Story by Deb Seminary, contributing writer
The North Dakota Department of Human Services (DHS) has introduced a pilot program designed to serve children and families in the year before they enter kindergarten. The Best in Class Grant program is built on over 20 years of research from similar programs across the country, especially the First Class Pre-K program in Alabama.
Alabama’s program has been awarded the highest-quality rating by the National Institute for Early Education Research for 15 consecutive years. After seeing the impact of Alabama's First Class program firsthand, and seeing that they had extensive data showing results, legislators were intrigued.
Rep. Robin Weisz, R-Hurdsfield, sponsored the bill that established the Best in Class competitive grant in the 2021 Legislature. After seeing the data, he was impressed by the results and didn’t see any reason why it wouldn’t work in North Dakota.
“All of our kids deserve a fighting chance,” said Weisz. “And, the data shows we will spend more money later if they start out behind in school.”
This year there was a very quick turnaround time for establishing guidelines, the application, and awarding grants. School districts that are organized as PreK-12, Head Starts, and licensed childcare facilities could apply. There were a total of 42 applications and 23 programs were selected to participate in this first year.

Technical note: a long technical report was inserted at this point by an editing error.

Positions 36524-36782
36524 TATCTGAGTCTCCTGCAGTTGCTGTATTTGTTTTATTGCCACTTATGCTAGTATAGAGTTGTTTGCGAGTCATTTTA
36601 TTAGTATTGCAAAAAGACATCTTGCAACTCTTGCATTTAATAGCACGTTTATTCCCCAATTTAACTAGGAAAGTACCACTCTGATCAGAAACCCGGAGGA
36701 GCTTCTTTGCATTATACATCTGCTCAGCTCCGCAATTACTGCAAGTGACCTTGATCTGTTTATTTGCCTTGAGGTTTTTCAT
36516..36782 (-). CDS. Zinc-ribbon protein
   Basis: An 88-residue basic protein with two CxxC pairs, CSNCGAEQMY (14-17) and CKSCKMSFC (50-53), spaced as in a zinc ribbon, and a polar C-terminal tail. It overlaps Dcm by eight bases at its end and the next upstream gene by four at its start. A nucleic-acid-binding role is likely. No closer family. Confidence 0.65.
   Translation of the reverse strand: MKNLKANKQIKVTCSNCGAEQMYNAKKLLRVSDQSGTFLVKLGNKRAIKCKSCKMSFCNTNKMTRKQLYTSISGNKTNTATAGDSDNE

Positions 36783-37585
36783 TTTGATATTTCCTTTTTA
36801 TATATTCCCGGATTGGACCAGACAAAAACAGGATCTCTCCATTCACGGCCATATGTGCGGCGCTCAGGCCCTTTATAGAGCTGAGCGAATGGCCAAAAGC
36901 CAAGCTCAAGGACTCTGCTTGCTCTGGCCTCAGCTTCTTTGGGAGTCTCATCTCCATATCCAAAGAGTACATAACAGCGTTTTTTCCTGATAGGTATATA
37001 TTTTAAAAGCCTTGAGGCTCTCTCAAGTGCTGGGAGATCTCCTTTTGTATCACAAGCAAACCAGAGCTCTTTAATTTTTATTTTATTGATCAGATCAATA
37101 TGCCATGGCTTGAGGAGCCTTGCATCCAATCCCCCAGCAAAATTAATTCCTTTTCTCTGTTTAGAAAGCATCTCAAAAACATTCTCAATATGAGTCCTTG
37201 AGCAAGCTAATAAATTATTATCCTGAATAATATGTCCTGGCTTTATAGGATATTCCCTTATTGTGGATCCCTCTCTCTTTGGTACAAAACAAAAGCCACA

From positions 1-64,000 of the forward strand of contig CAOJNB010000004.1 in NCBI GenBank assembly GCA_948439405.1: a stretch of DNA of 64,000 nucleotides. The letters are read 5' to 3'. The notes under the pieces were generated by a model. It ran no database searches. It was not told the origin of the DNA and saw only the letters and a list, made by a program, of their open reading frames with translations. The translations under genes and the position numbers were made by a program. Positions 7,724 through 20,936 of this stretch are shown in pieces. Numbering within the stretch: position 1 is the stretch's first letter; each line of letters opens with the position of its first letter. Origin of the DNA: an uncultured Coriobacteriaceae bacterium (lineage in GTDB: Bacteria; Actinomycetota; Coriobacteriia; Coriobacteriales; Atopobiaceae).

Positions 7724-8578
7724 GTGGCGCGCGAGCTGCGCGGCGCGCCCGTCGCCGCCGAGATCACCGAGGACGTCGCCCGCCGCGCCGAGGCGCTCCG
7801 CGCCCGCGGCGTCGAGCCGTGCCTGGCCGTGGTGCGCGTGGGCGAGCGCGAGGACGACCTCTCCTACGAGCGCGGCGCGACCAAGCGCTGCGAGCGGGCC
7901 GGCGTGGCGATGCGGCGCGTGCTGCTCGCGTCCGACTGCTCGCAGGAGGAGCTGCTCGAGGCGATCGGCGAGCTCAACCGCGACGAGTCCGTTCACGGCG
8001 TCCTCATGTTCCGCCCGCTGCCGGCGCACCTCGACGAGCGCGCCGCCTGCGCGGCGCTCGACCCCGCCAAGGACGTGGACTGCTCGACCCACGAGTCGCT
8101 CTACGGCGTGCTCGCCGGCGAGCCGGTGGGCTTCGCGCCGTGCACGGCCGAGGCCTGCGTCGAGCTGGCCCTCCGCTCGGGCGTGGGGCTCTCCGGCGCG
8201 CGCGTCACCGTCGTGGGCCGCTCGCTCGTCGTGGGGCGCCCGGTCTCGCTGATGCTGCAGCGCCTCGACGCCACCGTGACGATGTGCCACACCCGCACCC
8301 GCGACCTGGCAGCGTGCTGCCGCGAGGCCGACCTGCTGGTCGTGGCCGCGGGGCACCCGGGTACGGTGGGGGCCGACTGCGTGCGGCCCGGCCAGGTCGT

“We were pleased with the number of applicants from the pilot year – it shows our state’s desire to offer quality early childhood experiences,” said Shonda Wild, DHS Best in Class program administrator. “We have one that is a Head Start, one that is a preschool (licensed childcare setting), and the rest are public schools.”
Wild explained a few of the benefits of the program. “Teachers know the program will support them in many different ways,” she said. “They are supplied with curriculum and will have access to professional development, health consultants, and family engagement components. They will also have a Best in Class coach who is there for assistance and support as the program delivers the service.”
The grantees are also required to coordinate and/or offer health screenings and referrals for each child enrolled in the program. This included quarterly health consultations, vision, hearing, and dental screenings, as well as mental health consults.
The family engagement components are very important to the Best in Class program design. They will specifically help families that wouldn’t normally be able to access high quality programs, screenings, and referrals, and give these children a distinct advantage moving into kindergarten.
Right now, the state investment is scheduled to continue through June 2025. Programs will need to send in a new application each year. They will be closely monitored, evaluated, and supported to ensure Best in Class has an impact and will continue to be funded in the future.
Get more information on the Best in Class Grant Program here.